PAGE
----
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Which clippings match 'Cross-context Sharing' keyword pg.1 of 3
20 NOVEMBER 2014

Tinder: becoming a commodity through consumption practices

"While most people know about online dating sites like Match.com and eHarmony, a new app called Tinder is proving to be popular with younger users. Tinder takes a users Facebook profile and connects them with other users in their area. From there, it takes both people to like each other (or swipe right), to become a match and start talking. ...

'Our research continually shows that in fact, many college aged woman are having sex to get the relationships, whereas guys are having sex to get the sex,' Dr. Liahna Gordon said. In that way, Dr. Gordon argues, Tinder, with what many see as a hookup app, favors the motivations of men. ...

Gordon is concerned about Tinder being another way to commodify humans. 'It's like shopping! I'm going to try this one on, oh don't like that one,' Gordon said. 'It's a continual supply and that there's always more. That provides a lot of excitement in some lives that where people aren't so content with their lives.' At least for now, it seems young people will continue to shop."

(Brian Johnson and Debbie Cobb, 14 February 2014, Action News Now)

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affective consumption • Austin Schumacher • awkward situations • back button • casual sex • Chico State University • commodification of self • commodify humans • commodifying myselfconsumption practicesconsumption spectaclecross-context sharing • dating app • eHarmony • Facebook profile • fear of rejection • fill the void • having sexhookup • hookup app • identity performance • Liahna Gordon • Match.com • meeting peoplemobile apponline dating • online dating sites • online profilesprofile imageromantic relationshipsspectacular societyswipe left • swipe right • swipingTinder (app)window shopping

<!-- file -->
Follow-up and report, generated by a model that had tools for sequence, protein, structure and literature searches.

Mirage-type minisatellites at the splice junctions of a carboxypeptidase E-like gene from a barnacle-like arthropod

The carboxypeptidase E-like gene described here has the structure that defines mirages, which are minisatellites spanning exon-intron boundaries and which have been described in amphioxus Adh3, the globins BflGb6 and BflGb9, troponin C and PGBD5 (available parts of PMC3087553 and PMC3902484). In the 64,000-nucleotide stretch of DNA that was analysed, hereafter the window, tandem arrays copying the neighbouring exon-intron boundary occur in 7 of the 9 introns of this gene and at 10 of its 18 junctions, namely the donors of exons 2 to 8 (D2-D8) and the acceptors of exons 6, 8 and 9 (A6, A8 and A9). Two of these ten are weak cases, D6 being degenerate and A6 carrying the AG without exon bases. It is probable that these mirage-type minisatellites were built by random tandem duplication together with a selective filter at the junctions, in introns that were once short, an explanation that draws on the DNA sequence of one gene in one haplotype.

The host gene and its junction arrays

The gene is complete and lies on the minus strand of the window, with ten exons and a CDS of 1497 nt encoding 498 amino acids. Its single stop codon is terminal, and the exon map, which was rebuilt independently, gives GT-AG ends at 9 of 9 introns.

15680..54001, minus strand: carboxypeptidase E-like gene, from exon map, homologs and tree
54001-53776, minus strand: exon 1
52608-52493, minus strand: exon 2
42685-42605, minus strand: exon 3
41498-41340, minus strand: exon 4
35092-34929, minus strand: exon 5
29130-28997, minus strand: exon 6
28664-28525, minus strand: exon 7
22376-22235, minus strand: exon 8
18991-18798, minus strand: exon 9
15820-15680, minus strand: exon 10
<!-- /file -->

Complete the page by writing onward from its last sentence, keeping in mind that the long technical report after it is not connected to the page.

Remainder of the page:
CONTRIBUTOR

Gaby Rock
01 JANUARY 2014

Tinder: swiping yes to intimate invitations from relative strangers

"Tinder uses your existing social networking data from Facebook to locate people in the immediate vicinity, tell you a bit about them, whether you have any friends in common and (most importantly) show you a pic.

It has slimmed down the emotional, cognitive and financial investment required by the virtual dating process to one simple question: 'Do I want to do you?' What more modern way to make that most basic binary decision of whether you want to shag someone than a game of real–world 'Hot or Not'?

Social media has made us expert first–daters, well–versed in smalltalk and over–sharing with strangers. The quick follow–though from swipe to sex is similarly instinctive for a generation with an appetite for immediacy."

(Caroline Kent, 19 Sep 2013)

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automatic predictions • binary decision • casual sexcommodifying myselfcomparison site • compass • cross-context sharingdatadata matchingdatingFacebook • friends in common • hot or not • identity performance • immediate vicinity • iPhonelikedlikeslocation-basedlocation-based social networkingmobile appnormalising over-sharingonline datingonline profilesoversharingpersonal brandingproximityrecommendation platformself-disclosure • shag • shared friends • small talksocial mediasocial networkingspectacular societyswipingTinder (app)user data • vicinity • virtual dating

CONTRIBUTOR

Simon Perkins
21 AUGUST 2013

Controversial Aotearoa New Zealand surveillance laws pass